It can happen in the best of families. Tensions grow when a new grandchild arrives and the new mom and grandma have some significant disagreement on the best way to care for that newborn. Or Grandpa sees some behavioral concerns in a young grandchild that he believes needs to be dealt with, and Dad has a different way of handling that.
These are common issues, and usually easier scenarios to deal with compared to matters of faith when a parent or spouse wants nothing to do with Christianity or church. It hurts deeply when even the mention of Jesus or the Bible around the grandchildren is forbidden. Besides the questions surrounding how we got to this place, the bigger question is what do we, as grandparents, do about it?
No One Size Fits All
There is no one-size-fits-all formula guaranteeing resolution of these matters to the satisfaction of everyone involved, but there are some basic biblical practices that can help cultivate a healthy, respectful environment in any family. When put into practice diligently and consistently, God can use these biblical principles to transform strained or broken relationships. They also work for maintaining strong, healthy relationships.
So, let me take you to the letter Paul wrote to the Ephesian church to unpack with you five ways you can lead the way in building an environment of trust, respect and conciliation. Put them into practice and see if it doesn’t make a difference. Here are the five ways:
1. Be Completely Humble and Gentle (Eph. 4:2)
2. Be Patience and Restrained (Eph. 4:2)
3. Be Forgiving and Compassionate (Eph. 4:32)
4. Be a Peacemaker (Eph. 4:3)
5. Blessing (Eph. 4:29)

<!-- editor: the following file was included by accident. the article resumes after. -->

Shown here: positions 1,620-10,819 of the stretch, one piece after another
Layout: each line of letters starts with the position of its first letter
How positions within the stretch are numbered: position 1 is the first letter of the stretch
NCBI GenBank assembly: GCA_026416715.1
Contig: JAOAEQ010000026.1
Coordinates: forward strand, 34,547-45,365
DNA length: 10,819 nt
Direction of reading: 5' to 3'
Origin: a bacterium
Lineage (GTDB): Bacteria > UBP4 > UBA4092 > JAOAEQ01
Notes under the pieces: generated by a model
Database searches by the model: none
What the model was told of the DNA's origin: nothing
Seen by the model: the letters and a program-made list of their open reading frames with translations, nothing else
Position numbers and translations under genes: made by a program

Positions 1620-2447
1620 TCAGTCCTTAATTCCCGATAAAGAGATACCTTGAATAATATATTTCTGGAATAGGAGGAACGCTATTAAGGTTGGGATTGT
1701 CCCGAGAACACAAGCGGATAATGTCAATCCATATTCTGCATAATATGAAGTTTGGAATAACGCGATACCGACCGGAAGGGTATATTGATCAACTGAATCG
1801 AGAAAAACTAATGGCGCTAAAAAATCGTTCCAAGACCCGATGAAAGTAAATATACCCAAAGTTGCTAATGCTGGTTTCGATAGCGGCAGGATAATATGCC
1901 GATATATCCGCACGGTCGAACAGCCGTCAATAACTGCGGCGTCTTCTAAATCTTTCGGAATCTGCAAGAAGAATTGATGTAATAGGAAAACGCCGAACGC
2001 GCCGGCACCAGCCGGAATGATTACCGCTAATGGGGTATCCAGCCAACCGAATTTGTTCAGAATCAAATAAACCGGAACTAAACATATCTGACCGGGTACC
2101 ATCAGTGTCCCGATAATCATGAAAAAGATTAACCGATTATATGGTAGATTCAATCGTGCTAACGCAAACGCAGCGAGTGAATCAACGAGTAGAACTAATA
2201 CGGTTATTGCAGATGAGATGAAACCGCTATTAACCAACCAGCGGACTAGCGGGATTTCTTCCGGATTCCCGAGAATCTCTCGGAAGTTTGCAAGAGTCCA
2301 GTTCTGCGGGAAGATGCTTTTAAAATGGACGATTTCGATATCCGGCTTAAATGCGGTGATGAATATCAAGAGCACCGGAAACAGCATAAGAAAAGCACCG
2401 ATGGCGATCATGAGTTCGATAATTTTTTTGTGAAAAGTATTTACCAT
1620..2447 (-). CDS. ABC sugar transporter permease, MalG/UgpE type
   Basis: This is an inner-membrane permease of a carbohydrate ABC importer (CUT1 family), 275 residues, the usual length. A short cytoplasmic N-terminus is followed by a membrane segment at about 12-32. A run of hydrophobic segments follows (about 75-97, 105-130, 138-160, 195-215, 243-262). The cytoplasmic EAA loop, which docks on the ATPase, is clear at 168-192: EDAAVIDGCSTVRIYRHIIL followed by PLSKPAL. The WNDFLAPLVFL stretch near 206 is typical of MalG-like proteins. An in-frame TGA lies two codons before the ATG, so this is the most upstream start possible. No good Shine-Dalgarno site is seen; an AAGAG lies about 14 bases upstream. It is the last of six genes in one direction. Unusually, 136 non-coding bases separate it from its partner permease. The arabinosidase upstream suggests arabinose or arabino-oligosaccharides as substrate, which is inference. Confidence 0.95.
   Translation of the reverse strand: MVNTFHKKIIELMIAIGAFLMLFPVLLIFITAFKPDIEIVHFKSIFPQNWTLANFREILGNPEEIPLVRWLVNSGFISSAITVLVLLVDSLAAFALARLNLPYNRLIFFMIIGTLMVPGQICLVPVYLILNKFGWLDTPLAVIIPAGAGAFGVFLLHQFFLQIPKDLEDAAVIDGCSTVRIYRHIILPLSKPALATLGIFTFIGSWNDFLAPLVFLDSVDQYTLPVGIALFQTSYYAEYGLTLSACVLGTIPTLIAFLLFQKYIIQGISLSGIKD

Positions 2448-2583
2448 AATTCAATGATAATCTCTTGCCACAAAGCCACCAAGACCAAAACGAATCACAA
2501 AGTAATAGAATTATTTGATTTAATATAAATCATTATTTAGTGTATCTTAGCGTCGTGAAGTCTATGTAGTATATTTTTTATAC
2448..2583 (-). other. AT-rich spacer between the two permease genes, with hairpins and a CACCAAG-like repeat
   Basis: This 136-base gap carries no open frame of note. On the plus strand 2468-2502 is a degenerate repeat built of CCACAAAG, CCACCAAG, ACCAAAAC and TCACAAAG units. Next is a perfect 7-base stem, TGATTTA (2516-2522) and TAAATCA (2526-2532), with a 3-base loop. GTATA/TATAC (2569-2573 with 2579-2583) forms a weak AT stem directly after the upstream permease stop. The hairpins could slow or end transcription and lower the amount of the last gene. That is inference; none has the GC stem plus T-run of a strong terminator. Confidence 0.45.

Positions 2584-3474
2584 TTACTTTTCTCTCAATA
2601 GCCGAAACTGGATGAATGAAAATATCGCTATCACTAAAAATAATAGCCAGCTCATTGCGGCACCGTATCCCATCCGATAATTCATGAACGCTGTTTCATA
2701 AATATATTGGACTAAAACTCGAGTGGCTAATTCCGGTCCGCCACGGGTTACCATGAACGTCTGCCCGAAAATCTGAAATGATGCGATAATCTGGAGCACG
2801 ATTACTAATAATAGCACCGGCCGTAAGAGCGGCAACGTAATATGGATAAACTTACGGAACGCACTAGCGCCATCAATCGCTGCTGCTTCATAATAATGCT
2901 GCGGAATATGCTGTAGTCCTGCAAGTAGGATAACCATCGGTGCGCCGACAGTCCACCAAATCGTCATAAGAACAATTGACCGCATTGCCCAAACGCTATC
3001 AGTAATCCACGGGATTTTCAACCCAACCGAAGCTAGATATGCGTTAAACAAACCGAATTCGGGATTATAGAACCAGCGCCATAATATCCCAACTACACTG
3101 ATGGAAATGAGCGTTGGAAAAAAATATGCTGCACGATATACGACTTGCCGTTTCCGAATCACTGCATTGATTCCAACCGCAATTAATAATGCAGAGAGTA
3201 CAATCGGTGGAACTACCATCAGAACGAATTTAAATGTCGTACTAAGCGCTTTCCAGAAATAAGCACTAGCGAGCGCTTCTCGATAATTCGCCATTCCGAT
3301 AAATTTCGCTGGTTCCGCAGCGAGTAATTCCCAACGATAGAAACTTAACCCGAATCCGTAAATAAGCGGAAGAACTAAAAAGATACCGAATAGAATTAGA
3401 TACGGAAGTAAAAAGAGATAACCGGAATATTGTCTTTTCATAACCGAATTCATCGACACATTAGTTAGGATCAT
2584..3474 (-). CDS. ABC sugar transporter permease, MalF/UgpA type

We’ll examine each of these, one at a time, over the next five weeks. So, let’s dig into the one at the top of the list, the foundational quality for all the rest…
Be Completely Humble and Gentle
Humility is one of those things we talk about a lot, but it’s one of the hardest things in life to consistently practice. Paul defines humility as “considering others better than yourselves” (Philippians 2:3). It comes down to not being so concerned with my own interests and agenda as the interests of others. Our example is Jesus Himself, who laid aside all His glory and authority to become “nothing” as human being.
Humility is paired with gentleness in Paul’s letter to the Ephesians because they are complementary qualities. Pride always wants the last word, and is often mean-spirited. Humility not only seeks the best interests of other above its own, but does so with gentleness and kindness.
Practicing humility relieves us of the need to tell a young mother how to raise or discipline her children. It recognizes that perceptions matter. It produces a gentle spirit that does not push our faith upon our adult children (or grandchildren), but lives so that our walk and our talk match. Perhaps, because of our gentle and humble spirit, they might be more receptive.
If we feel the need to constantly push back because they don’t believe as we believe, that is not humility. It’s pride, and God opposes the proud. Humility certainly does not preclude speaking the truth, but it does so with grace and gentleness worthy of our Lord and the calling we have received.
GrandPause Action Step
Write down one thing God may be revealing to you in this area of humility that you can change right now. Ask God to show you how to put that in practice in your family in a way that is worthy of the calling you have received.